Google announced a Pixel 4 feature no iPhone 11 model would have several weeks before Apple actually unveiled the new iPhones. Then we saw it leaked in great detail, at which point I told you that it’s going to be a gimmicky trick. Now that the Pixel 4 series is official, and Google practically confirmed almost all the rumors that preceded the phone’s launch, I’ve changed my mind about it, slightly. It’s a super sophisticated feature that deserves praise and recognition, but it’s still a gimmick that we don’t need on the Pixel 4 or any other phone, at least not in the current format.
I am talking, of course, about Motion Sense, which is the marketing name for Google’s Project Soli radar-based gesture recognition system. We’re looking at a tiny chip placed inside the top bezel of the phone that’s able to detect hand gestures and discern whether a wave over the screen is meant to skip a track/silence the phone, or it’s just a natural hand movement performed in the vicinity of the device.
That’s something no other device can do, iPhone 11 included, the kind of feature that may pave the way to a Minority Report-style of interaction with computers. On the Pixel 4, however, Motion Sense doesn’t deliver anything that you can’t live without. Aside from the gestures I’ve mentioned above, Motion Sense also recognizes when you’re reaching for the phone in the morning, and reduces the alarm volume. Similarly, it detects the hand movement that precedes user authentication and increases 3D Face unlock response time. It can also turn off the always-on display when you’re not within reach.
There’s nothing really spectacular here, no real Minority Report magic — and I’d venture out to say that Soli integration in laptops and desktops would be a lot more useful than on mobile phones.
That’s not to say that Google hasn’t done a tremendous job here. The tech innovations required to make all of this possible on the phone are incredible. Google explained to The Verge how Soli works, and it’s all spectacular.
The Soli chip creates a hemisphere of a foot or two around the phone, and that’s how it picks up gestures, as long as the screen is facing upwards. But that’s where the magic really stops because Google can’t afford to increase the radar’s range and create more gestures. Also, who’d use a phone seven meters away, which is the maximum theoretical reach of the sensor?
Google also said that the radar tech is so sensitive that it could sense motion “as precise as a butterfly’s wings,” which certainly beats what other handset makers did. LG, for example, created a similar gesture-based interface for the G8 ThinQ launched earlier this year, but that phone relies on a Time-of-Flight (ToF) camera to pick up gestures.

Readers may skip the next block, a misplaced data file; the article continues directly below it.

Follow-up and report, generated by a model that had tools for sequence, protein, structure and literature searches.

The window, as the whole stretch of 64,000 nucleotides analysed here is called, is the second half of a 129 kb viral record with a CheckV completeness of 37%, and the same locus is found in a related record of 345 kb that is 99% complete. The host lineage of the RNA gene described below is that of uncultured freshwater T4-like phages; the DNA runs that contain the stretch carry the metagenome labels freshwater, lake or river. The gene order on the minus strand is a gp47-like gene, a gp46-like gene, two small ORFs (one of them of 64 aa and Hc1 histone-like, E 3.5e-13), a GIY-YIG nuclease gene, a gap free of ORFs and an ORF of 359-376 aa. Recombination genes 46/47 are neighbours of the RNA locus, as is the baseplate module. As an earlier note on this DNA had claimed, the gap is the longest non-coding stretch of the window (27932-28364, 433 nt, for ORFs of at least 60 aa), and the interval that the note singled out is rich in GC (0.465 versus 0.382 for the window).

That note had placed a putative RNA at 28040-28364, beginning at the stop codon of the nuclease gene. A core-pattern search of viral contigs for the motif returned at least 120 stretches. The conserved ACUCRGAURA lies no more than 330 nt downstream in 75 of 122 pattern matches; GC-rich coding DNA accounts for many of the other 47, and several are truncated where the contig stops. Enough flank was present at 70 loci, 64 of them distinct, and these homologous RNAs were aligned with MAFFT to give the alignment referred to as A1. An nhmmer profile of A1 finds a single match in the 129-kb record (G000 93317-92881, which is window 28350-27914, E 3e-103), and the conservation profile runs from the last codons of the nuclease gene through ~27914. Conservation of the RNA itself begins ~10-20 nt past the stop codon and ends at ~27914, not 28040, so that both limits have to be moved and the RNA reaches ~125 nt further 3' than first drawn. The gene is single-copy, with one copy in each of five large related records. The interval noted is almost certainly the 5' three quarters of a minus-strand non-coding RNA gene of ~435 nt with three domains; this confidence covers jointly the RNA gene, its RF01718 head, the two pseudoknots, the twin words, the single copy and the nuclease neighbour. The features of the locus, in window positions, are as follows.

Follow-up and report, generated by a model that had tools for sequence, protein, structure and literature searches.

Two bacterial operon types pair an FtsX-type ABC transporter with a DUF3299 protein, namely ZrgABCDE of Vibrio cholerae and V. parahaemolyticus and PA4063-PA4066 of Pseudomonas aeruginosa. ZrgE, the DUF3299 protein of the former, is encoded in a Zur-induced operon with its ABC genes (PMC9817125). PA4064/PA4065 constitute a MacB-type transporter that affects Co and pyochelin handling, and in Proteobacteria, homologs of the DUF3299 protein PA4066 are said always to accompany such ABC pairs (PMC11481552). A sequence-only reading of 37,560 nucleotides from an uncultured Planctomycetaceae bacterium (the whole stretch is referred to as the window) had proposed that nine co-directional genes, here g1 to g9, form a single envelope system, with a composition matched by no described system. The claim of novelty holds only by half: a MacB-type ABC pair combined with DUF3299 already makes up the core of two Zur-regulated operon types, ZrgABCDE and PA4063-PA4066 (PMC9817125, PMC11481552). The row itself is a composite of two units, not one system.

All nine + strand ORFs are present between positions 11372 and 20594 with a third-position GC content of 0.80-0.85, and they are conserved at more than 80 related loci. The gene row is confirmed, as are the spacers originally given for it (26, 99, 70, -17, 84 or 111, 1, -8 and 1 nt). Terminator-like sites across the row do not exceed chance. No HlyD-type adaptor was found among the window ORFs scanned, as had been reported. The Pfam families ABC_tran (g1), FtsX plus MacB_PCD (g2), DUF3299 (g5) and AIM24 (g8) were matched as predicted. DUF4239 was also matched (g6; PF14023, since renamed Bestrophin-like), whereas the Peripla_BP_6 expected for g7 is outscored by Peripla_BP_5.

For the time being, Motion Sense only deals with hand waving, and that’s pretty much it. You won’t even notice it’s there if you won’t use these features, and you’ll just assume 3D Face unlock is supposed to be that fast, without knowingly acknowledging the presence of Motion Sense.
Google wants its radar chip to simply improve the way we interact with our phones, without us having to necessarily realize what’s happening. But after more than a decade of iPhone and Android, we’re more than trained to silence alarms and skip phones. Using gestures for either of these actions isn’t at all necessary, and it’ll require plenty of retraining to make the most of Soli on the Pixel 4. And by the way, given how incredibly advanced voice computing has gotten, with the Pixel 4’s Google Assistant being a prime example of that, should gestures even have a future on mobile devices that will get better and better at having complex conversations with users? Won’t it be even faster to silence alarms via voice than using gestures?
If anything, this Pixel 4 feature that’s not available on any iPhone 11, contributes to the Pixel 4’s ugly design. Google’s phone isn’t pleasing to the eye, even though the Pixel 3 XL’s ugly notch is gone for good. We’ve got two bezels on the front, and there’s no symmetry between them. The Galaxy S8’s design (above) can serve as a comparison for the current Pixel. One of them looks a lot better than the other. This isn’t 2017. All-screen designs have seen significant improvements that Google can’t take advantage of. And while you might not realize how Motion Sense may help improve your smartphone interaction, you’ll certainly notice the dysmorphic display design. The tiny Soli radar chip, whether you know it’s there or not, is partly to blame for that.